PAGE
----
Cable modems and residential DSL are two of several high-speed Internet technologies grouped under the term "broadband services." While the whole of broadband services can be either one-way or two-way, and wired or wireless, this report is concerned primarily with two-way, consumer-oriented services predominated by cable modems and residential DSL.
Why would someone want broadband services? Convenient, high-speed delivery. This is desirable for several reasons:
Broadband services can provide multiple channels of data over a single communications medium, such as a telephone or cable TV line. This means you can use one line for multiple services such as voice (telephone) or other (fax) analog signals, and data (digital movies or your computer) at the same time. Depending on the condition and age of your house's present phone lines, rewiring or additional phone or cable lines are often unnecessary.
Broadband offers an affordable alternative to regular dial-up modems. Subscription dial-up services, for which a modem is required, need to be initiated--you need to dial up and log on each time you want to access the Internet. And if you wish to use your telephone and your computer at the same time, you may need a separate phone line.
Broadband services don't need to go through a lengthy connection process. Instead, they offer a continuous/persistant connection to the Internet, sometimes referred to as "always on." Broadband services mean you're connected to the Internet whenever your computer is turned on.
The cable system was designed to carry television programming to subscribers' homes. With the addition of a cable modem, cable services can now offer broadband access to Internet services.
With cable, all homes within the network's community share available bandwidth. Each local cable controller, or "headend," serves up to 2,000 households in one local community. The cable network is shared by all homes that are active at any moment in time. (Subscribers are considered "active" whenever they request or receive information. They are not active, with regard to network usage, while reading or composing email, scanning a web page, or if their computer is turned off.) For example, if many homes are actively be using the Internet at 8 P.M., service is divided among all active requests at that moment. This usually results in slowed services, compared to the number of subscribers surfing, say, at 4 A.M.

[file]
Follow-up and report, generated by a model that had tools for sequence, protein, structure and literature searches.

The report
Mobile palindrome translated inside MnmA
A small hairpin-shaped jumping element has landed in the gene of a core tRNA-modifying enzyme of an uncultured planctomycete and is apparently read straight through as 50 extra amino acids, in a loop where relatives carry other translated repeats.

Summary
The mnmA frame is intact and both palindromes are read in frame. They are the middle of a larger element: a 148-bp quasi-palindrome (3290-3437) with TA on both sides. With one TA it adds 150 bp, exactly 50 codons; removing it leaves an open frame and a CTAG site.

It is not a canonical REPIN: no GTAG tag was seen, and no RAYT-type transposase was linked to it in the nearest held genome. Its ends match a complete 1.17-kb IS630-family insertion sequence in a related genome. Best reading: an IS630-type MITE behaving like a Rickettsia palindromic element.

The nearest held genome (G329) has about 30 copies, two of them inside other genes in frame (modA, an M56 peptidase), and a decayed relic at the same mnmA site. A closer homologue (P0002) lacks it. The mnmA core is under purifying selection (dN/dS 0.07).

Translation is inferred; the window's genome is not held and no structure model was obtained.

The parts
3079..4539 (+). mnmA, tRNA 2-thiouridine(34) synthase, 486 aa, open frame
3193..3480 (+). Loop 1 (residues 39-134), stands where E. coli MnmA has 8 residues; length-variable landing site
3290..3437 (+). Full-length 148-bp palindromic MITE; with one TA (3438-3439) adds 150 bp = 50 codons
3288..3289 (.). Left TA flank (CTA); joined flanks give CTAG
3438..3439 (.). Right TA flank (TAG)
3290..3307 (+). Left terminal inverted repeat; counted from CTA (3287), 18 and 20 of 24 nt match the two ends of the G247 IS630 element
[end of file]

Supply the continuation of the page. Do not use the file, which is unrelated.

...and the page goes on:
DSL is a newer technology that may allow an ordinary phone line to be "split" into two parts: the traditional voice/fax (analog) services, and a new digital data line. These two parts can be used simultaneously.
DSL services connect the subscriber's home directly to the local telephone company's Central Office (CO). This point-to-point connection may not exceed 18,000 feet, limiting DSL's effective range. Internet Service Providers (ISPs) offer DSL Internet access accounts using telephone company lines. With the addition of a DSL modem, home (and "small business") subscribers can now get broadband access to Internet services over their existing phone lines.
DSL comes in several forms. xDSL is a generic term referring to any of these forms. ADSL, or Asymmetric DSL, offers higher speed (bandwidth) usually coming into a home than the speed of signals going out. SDSL, or Symmetric DSL, offers equal bandwidth coming and going.
Many promises and perils of a networked world are still to be realized. As thousands of new subscribers sign up every day, the complexity and diversity of our world increases. New opportunities for good also bring risks.
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